Canada: Drop charges against land defenders

The Indigenous Wet’suwet’en Nation is protecting its ancestral lands and waterways against the construction of a gas pipeline. Wet’suwet’en land defenders and their supporters who oppose the construction of the pipeline are experiencing surveillance, harassment and intimidation at the hands of the Canadian police. The Canadian police have unlawfully arrested Wet’suwet’en land defenders and their supporters. Seven land defenders have started trial or go on trial on October 30, 2023 and January 2024. Authorities must drop the criminal contempt charges against those arrested solely for exercising their Indigenous rights and their rights to freedom of expression and peaceful assembly.

Here’s what you can do:

Write to the Attorney General urging her to immediately drop the charges against the criminalized land defenders who oppose the Coastal GasLink pipeline.

Write to:

Attorney General Niki Sharma

2135 East Hastings Street, Vancouver

British Columbia, Canada



The 1997 Delgamuukw-Gisday’wa decision by the Supreme Court of Canada affirms that the Wet’suwet’en Hereditary Chiefs are the authorities of the Nation in accordance with the Wet’suwet’en’s governance structure. All five clans of the Wet’suwet’en oppose the pipeline. Nevertheless, the project is proceeding without the Nation’s free, prior and informed consent (FPIC), in violation of ‘Anuc niwh’it’en (Wet’suwet’en law), Canadian constitutional law and Canada’s international human rights obligations, including the United Nation Declaration on Rights of Indigenous People (UNDRIP). Coastal GasLink (CGL) is a pipeline construction company subsidiary of TC Energy Corporation. The CGL pipeline, spanning 670 kilometers would transport fracked gas to the proposed LNG Canada processing plant.

In December 2018, the British Columbia Supreme Court granted the pipeline company an interim injunction which prevented land defenders from blockading the main road through Wet’suwet’en territory to attempt to stop pipeline construction. In February 2019, Wet’suwet’en Hereditary Chiefs called for a stop work order on the pipeline. In December 2019, the B.C. Supreme Court granted an interlocutory injunction order, which includes enforcement provisions. Operating under these injunctions, the Royal Canadian Mounted Police (RCMP) and its Community-Industry Response Group (C-IRG) has surveilled, harassed and intimidated Wet’suwet’en land defenders, including Hereditary Chiefs and matriarchs.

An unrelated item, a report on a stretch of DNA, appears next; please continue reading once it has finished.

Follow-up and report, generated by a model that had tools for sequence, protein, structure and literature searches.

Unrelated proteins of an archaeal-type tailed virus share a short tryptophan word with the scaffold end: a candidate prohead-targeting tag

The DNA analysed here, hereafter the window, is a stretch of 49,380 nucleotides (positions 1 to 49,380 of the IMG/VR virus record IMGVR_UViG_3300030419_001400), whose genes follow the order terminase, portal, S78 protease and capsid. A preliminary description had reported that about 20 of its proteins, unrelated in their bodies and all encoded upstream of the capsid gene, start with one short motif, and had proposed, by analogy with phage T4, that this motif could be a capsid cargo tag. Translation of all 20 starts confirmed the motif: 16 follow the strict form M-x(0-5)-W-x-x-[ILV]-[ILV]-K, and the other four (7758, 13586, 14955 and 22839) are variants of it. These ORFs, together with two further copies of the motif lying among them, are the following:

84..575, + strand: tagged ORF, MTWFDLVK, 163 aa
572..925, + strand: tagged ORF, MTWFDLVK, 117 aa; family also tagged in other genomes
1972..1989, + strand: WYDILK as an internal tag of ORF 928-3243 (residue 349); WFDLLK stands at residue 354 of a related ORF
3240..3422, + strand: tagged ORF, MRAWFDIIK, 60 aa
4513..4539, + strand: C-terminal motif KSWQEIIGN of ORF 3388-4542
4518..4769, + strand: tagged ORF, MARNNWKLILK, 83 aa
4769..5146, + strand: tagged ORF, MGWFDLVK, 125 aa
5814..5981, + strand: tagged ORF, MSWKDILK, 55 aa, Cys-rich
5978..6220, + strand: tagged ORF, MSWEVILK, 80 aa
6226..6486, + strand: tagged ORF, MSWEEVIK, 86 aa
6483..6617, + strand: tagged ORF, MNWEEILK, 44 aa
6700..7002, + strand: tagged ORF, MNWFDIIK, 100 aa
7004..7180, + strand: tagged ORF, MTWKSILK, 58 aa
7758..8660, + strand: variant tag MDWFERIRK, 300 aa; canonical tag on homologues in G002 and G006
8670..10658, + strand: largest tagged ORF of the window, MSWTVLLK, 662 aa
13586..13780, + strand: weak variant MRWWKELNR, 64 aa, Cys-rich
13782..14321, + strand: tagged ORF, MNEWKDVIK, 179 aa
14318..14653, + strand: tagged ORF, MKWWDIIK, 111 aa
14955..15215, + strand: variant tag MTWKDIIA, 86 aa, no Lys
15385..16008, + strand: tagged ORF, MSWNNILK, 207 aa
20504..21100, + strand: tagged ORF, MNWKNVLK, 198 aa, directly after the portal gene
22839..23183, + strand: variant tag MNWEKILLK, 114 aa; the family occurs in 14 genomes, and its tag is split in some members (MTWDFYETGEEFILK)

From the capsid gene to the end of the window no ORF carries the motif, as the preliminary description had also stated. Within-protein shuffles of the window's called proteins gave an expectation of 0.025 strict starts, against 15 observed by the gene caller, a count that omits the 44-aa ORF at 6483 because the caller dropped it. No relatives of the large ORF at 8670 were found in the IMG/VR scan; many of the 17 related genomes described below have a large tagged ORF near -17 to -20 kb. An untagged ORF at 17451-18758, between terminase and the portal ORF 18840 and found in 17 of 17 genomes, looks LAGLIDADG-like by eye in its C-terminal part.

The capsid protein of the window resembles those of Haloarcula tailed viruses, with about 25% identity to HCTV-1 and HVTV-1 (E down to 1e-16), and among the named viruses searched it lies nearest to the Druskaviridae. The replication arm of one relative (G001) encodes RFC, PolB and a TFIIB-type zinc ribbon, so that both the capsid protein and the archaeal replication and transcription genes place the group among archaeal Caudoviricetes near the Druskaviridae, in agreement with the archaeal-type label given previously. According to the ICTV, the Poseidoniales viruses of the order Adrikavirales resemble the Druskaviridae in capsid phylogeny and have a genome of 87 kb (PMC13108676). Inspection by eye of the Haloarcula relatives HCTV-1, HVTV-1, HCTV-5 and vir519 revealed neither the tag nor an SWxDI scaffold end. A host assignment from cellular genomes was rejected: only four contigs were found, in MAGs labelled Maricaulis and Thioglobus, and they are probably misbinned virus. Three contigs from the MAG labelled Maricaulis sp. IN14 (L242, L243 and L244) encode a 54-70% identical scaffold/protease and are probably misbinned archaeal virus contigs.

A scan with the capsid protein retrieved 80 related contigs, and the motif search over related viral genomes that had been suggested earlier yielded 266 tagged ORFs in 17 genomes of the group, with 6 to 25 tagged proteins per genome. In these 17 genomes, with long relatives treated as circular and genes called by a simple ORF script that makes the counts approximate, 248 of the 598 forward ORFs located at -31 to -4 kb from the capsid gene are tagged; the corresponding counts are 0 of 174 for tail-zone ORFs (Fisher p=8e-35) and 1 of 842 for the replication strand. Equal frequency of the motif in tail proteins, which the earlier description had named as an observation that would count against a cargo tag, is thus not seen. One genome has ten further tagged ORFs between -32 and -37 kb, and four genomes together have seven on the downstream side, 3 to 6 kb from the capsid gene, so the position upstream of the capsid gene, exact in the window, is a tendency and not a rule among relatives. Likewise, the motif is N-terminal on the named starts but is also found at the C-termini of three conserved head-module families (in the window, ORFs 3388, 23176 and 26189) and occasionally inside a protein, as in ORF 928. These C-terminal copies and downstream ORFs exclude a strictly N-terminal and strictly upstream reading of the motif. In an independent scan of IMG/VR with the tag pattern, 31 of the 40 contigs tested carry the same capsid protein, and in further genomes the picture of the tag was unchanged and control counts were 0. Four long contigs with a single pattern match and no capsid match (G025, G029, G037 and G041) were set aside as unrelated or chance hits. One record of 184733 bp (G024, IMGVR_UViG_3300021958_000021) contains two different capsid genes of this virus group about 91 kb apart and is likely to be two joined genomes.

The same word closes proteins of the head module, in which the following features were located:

Moreover, the RCMP and C-IRG have forcibly removed and unlawfully arrested Wet’suwet’en land defenders and their supporters through militarized police raids on their territories. Amnesty International raised these concerns with the pipeline company via letters sent on July 12, 2022, May 17, 2023, and July 17, 2023, and received broad responses that did not address these allegations. In June 2023, Amnesty International met with representatives of CGL and again raised concerns about these abuses but still received no response regarding these incidents.

During four large-scale police actions in January 2019, February 2020, November 2021 and March 2023 in response to Wet’suwet’en people and their supporters defending their land, over 75 people were arrested and detained, including legal observers and members of the media. In June and July 2022, the Attorney General of British Columbia decided to prosecute 20 land defenders with criminal contempt for allegedly defying the court order (the interlocutory injunction) to stay away from pipeline construction sites.

In December 2022, five land defenders pleaded guilty, which resulted in a $500 fine for three and 25 hours of community service for the other two. Though the Crown issued a stay of proceedings for several legal observers, the remaining land defenders will stand trial from May 2023 to January 2024. Nearly $37 million in public money was spent between 2019 and March 2023 to surveil and police Wet’suwet’en land defenders, Indigenous neighbors, such as the Gitxsan, and allies.

Since 2009, the Wet’suwet’en land defenders have established several sites and structures on the land to affirm their jurisdiction over the territory. Further, the Wet’suwet’en have implemented a FPIC protocol that requires any visitors to the territory to seek permission from the Hereditary Chiefs to enter. CGL provided documentation regarding the consultation process with the Wet’suwet’en Nation regarding the pipeline project, however, upon reviewing the documentation provided, Amnesty International determined that the consultation process did not comply with international human rights standards and the Nation ultimately did not give its free, prior and informed consent for the project to proceed.

As part of its Early Warning and Urgent Actions Procedures, the United Nations Committee on the Elimination of Racial Discrimination (CERD) called on Canada in December 2019 to suspend all permits and approvals for the construction of the CGL pipeline until the free, prior and informed consent of the Wet’suwet’en people is obtained, following the full and adequate discharge of the duty to consult. Amnesty International has sent formal interview requests and questions to a series of Canadian federal and provincial authorities. While all of the authorities declined to meet with Amnesty International, written responses were received from the RCMP, the Premier of B.C. and the B.C. Energy Regulator. The responses were broad statements and did not respond to the questions posed by the organization.